Ishi's Long Road Home

By Bower, Bruce | Science News, January 8, 2000 | Go to article overview
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Ishi's Long Road Home

Bower, Bruce, Science News

A California Indian's preserved brain accentuates his tragic, mysterious life

Inside a sealed tank in a Suitland, Md., warehouse rests a brain that, for the past 83 years, has refused to die. The lump of preserved tissue doesn't pulsate or glow like the gory centerpiece of some late-night monster movie. Rather, it reaches out and grabs people because it's infused with the symbolic power of a real-life horror story--the near-destruction of several Native American tribes by white California settlers in the late 1800s.

This disembodied organ assumes even more vitality for having come from a man who survived unspeakable tragedy with an uncommon courage and grace that inspired a best-selling biography.

This is Ishi's brain. Officials at the Smithsonian Institution in Washington, D.C., where the brain was sent in 1917 by one of anthropology's most eminent practitioners, hope to return it soon to the two surviving Indian tribes most closely related to Ishi. Once legal and logistical hurdles are cleared, the tribes will conduct a traditional burial uniting Ishi's brain with his cremated body, now held in a California cemetery.

The reappearance of this long-forgotten brain, which surprised even some Smithsonian scientists, has ignited fierce debate over the ethics of the researchers who befriended and studied Ishi. It has also focused scientific and public attention on the ongoing repatriation process, by which anthropologists return skeletal and cultural remains to Native American groups.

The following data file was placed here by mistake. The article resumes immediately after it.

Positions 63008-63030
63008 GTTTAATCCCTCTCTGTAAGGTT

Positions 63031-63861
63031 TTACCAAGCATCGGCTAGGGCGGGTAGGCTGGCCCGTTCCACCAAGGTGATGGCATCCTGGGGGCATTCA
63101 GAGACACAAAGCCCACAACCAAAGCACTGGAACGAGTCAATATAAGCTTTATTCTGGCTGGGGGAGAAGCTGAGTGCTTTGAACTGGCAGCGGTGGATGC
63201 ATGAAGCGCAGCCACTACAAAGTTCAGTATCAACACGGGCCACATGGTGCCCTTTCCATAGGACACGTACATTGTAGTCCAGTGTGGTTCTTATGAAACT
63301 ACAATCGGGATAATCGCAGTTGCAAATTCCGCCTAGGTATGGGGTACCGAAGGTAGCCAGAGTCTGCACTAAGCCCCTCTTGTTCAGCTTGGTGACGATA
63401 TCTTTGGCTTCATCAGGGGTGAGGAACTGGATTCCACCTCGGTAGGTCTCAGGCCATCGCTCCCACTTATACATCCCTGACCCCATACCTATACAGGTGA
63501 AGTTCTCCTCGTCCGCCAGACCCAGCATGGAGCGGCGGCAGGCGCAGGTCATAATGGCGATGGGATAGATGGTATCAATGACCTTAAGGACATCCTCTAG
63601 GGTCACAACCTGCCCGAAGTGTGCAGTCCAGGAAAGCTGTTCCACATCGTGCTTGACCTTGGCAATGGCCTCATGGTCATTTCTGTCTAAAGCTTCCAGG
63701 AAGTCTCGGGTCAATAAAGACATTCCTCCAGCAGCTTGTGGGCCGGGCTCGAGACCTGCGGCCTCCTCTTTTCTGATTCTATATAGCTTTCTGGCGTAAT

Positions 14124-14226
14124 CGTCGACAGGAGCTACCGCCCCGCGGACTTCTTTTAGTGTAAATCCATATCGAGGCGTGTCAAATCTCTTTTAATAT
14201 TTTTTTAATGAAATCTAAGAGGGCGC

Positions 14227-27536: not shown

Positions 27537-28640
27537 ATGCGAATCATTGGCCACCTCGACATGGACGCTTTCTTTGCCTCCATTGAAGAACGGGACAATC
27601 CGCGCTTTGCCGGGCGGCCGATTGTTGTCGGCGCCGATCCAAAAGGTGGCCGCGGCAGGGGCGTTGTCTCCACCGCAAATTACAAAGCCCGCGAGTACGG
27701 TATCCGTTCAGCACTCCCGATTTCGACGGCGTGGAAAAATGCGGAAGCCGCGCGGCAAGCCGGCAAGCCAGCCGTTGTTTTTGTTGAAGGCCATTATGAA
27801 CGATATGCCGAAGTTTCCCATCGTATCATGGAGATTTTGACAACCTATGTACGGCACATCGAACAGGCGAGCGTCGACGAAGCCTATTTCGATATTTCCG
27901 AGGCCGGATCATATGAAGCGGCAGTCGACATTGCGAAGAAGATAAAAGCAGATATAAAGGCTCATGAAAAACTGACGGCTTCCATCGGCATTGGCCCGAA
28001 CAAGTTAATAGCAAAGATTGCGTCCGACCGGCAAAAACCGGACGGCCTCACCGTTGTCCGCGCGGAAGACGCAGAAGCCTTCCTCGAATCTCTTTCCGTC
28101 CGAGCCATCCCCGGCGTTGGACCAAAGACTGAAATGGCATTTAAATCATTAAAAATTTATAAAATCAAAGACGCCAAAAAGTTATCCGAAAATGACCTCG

Moreover, the saga raises questions about how much can ever really be known about Ishi, a man who has attained near-mythic status among anthropologists, Native Americans, and others, especially in California.

"Ishi has become an icon of our guilt and regret about past mistreatment of Native Americans," says Nancy Rockafellar, a medical historian at the University of California, San Francisco (UCSF). "He's been admired for his resilience and heroism, and now he's a symbol of the repatriation struggle. There are many Ishis."

In August 1911, only one Ishi existed, and that just barely. Starving and almost naked, he straggled into the northern California town of Oroville. In a wicked irony, he took shelter in the local slaughterhouse. Most of the approximately 400 members of the Yahi tribe to which he belonged had been massacred by white vigilantes and bounty hunters.

The 1849 California gold rush had set off bloody attacks on Indian tribes in mining areas, many occurring in the years just after Ishi's birth around 1860. From 1870 to 1911, Ishi and 5 to 20 Yahi hid in wooded areas not far from Oroville. As apparently the last surviving member of that hardy band, a desperate Ishi crossed into the white world. The sheriff turned him over to University of California anthropologist Thomas T. Waterman, who on Sept. 4, 1911, took Ishi to live at his institution's anthropology museum, then located in San Francisco.

Waterman and his colleagues, including anthropology department head Alfred Kroeber, took an immediate liking to their outgoing, intelligent boarder. So did the general public. In his first 6 months at the museum, 24,000 visitors watched Ishi demonstrate arrow making and fire building. Kroeber referred to him as the last Stone Age Indian in North America.

Ishi also spent much time demonstrating archery techniques to Saxton Pope, the UCSF surgeon who became his personal physician. Famed linguist Edward Sapir worked with Ishi to document the Yahi language.

Ishi, whose life story was first described in the popular book Ishi in Two Worlds by Theodora Kroeber (1961, University of California Press), died of tuberculosis on March 25, 1916. Theodora Kroeber, the wife of Alfred Kroeber, notes in her book that Ishi's brain was removed during an autopsy, although she makes no mention of what happened to it.

The issue drew little notice until 1997, when four Maidu Indian tribes in northern California's Butte County formed a committee to campaign for the return of Ishi's remains for reburial in the Yahi homelands.

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